FCC’s Slap on Comcast’s Interference with P2P Internet Connections

In an unprecedented decision, the Federal Communications Commission (FCC) recently affirmed its authority to protect a “vibrant and open Internet” by ordering Comcast to cease selective and preferential interference over some of its online subscribers, namely those customers whom share online files via peer-to-peer applications (P2P).

Specifically, the FCC determined that Comcast had in fact “unduly interfered with Internet users’ right to access the lawful Internet content and to use the applications of their choice … [by deploying] equipment throughout its network to monitor the content of its customers’ Internet connections and selectively block specific types of connections.”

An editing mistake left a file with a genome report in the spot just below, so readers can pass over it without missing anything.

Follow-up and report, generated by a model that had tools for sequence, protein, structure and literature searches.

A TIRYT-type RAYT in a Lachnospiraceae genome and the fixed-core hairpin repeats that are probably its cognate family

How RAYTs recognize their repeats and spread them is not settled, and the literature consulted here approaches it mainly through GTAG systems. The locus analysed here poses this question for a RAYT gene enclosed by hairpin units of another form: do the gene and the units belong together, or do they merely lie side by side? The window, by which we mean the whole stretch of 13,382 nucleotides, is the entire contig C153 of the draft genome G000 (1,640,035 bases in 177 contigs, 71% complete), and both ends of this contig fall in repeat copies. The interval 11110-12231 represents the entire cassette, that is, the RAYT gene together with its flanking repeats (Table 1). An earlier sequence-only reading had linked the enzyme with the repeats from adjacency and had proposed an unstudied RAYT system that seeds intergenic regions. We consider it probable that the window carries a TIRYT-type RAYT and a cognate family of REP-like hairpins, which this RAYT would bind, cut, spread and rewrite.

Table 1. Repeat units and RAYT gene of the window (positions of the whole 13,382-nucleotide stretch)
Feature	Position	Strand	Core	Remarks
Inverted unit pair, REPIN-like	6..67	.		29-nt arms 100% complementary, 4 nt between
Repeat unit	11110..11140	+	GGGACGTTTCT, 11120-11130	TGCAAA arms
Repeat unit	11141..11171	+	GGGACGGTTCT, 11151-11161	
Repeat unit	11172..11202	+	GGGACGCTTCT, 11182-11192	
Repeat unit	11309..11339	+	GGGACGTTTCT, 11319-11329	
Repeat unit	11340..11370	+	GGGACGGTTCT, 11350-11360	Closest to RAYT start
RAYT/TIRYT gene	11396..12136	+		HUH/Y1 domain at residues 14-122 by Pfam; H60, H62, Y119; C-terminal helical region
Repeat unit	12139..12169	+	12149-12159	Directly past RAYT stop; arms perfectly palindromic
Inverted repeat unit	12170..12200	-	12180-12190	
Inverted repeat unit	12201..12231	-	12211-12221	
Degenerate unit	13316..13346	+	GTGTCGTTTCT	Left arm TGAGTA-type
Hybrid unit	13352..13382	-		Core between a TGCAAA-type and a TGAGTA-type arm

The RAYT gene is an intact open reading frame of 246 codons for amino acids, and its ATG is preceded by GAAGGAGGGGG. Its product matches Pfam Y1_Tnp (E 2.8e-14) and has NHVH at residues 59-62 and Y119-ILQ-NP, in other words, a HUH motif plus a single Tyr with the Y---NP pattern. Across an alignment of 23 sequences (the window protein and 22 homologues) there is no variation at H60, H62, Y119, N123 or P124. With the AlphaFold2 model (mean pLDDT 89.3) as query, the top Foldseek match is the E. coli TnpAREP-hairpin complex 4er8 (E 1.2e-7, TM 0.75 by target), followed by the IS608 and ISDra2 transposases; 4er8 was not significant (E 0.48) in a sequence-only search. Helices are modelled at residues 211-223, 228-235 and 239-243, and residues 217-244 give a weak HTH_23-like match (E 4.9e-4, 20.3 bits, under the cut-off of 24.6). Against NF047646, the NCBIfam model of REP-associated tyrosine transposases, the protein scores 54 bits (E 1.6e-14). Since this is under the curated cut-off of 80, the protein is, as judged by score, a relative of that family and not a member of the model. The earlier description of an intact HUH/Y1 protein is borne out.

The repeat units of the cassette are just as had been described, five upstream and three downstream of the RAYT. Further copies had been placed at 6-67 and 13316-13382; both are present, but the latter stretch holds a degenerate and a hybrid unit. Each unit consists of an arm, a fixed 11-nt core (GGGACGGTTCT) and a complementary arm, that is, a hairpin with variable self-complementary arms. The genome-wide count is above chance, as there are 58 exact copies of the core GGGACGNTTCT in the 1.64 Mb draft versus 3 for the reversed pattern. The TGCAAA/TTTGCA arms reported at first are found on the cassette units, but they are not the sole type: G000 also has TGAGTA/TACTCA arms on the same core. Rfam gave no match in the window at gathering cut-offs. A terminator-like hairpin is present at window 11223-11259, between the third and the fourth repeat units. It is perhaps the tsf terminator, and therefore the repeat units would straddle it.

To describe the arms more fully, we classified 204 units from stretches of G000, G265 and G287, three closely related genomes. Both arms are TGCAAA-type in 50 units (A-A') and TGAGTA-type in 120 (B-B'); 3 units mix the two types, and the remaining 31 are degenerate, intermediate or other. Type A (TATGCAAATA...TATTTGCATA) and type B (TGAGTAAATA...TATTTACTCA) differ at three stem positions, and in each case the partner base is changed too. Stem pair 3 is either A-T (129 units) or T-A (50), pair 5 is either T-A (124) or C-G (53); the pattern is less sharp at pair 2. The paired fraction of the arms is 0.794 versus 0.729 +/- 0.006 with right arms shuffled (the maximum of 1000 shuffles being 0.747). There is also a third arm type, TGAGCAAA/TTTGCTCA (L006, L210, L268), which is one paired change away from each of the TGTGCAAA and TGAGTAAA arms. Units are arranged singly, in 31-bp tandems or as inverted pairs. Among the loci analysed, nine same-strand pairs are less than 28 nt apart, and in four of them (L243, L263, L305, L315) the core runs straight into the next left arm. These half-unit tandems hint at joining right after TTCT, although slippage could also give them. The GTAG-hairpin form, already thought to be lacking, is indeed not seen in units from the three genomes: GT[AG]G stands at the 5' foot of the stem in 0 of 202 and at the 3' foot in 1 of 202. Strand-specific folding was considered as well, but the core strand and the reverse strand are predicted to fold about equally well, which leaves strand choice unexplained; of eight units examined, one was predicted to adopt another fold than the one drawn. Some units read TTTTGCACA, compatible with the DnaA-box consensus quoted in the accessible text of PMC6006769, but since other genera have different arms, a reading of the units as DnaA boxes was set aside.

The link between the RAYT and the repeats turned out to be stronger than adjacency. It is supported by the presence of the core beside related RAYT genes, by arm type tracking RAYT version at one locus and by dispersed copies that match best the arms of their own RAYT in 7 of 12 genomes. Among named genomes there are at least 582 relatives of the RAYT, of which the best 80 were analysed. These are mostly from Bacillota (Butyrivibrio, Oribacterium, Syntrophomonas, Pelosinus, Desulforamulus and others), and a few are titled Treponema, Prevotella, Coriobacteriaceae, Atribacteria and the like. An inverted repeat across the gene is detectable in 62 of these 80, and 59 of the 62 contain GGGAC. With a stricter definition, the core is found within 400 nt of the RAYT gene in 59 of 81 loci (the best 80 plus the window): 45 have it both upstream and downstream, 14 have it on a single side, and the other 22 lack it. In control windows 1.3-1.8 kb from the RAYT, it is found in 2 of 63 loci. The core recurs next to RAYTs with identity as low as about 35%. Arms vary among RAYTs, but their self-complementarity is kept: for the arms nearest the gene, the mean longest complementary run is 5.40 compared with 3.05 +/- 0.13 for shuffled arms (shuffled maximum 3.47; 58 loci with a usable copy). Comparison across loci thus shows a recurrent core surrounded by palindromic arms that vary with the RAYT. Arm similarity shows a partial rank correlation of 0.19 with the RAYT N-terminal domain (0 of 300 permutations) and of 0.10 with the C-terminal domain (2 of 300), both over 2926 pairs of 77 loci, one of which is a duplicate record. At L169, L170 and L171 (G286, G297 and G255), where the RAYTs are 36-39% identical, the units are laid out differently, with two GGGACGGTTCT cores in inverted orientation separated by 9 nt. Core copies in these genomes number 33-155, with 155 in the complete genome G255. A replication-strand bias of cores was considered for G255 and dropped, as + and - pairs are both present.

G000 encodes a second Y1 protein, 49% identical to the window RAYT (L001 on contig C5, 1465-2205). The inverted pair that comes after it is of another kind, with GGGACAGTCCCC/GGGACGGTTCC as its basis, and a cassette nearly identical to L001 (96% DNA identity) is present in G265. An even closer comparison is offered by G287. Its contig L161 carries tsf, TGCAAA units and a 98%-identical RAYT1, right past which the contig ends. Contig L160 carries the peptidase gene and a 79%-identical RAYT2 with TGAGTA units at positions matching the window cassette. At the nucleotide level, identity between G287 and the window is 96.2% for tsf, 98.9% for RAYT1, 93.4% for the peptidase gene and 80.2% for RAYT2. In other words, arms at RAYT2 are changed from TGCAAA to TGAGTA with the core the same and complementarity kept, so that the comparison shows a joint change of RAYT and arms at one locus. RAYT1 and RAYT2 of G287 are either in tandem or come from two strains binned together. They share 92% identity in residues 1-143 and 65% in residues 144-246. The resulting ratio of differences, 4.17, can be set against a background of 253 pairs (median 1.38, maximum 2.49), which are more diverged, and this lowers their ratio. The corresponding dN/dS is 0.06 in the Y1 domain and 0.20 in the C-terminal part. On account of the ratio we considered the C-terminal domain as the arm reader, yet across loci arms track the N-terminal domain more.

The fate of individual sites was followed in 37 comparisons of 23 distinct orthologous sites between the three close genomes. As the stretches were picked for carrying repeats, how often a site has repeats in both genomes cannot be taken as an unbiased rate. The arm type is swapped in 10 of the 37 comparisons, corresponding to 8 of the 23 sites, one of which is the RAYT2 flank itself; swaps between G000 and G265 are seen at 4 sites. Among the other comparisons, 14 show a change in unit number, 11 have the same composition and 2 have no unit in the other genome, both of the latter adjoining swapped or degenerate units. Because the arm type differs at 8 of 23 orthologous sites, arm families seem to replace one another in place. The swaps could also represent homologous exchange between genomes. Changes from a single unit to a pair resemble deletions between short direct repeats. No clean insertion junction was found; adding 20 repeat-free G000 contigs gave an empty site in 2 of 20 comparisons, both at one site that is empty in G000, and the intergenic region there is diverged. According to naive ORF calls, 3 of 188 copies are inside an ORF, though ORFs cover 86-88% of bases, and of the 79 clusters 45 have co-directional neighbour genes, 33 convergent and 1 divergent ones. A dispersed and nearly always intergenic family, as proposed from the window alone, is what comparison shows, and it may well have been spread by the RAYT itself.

Simply put, Comcast interfered with people watching movie trailers, updating online game and software clients, and/or downloading open-source software available on P2P networks. As the FCC Chairman stated, Comcast was actively “blocking that communication when it uses a particular application regardless of whether there is congestion on the network, hiding what it is doing by making consumers think the problem is their own, and lying about it to the public.”

The FCC is now requiring that Comcast disclose the details of its discriminatory network management practices to the Commission, submit a compliance plan describing how it intends to stop these discriminatory management practices by the end of the year, and then disclosing to customers and the Commission the network management practices that will replace current practices.

If you are a Comcast subscriber (individual and business) and are involved with significant P2P related activities, including those that are business related, and have accordingly suffered economic harm as a result of Comcast’s actions, please contact our law-firm.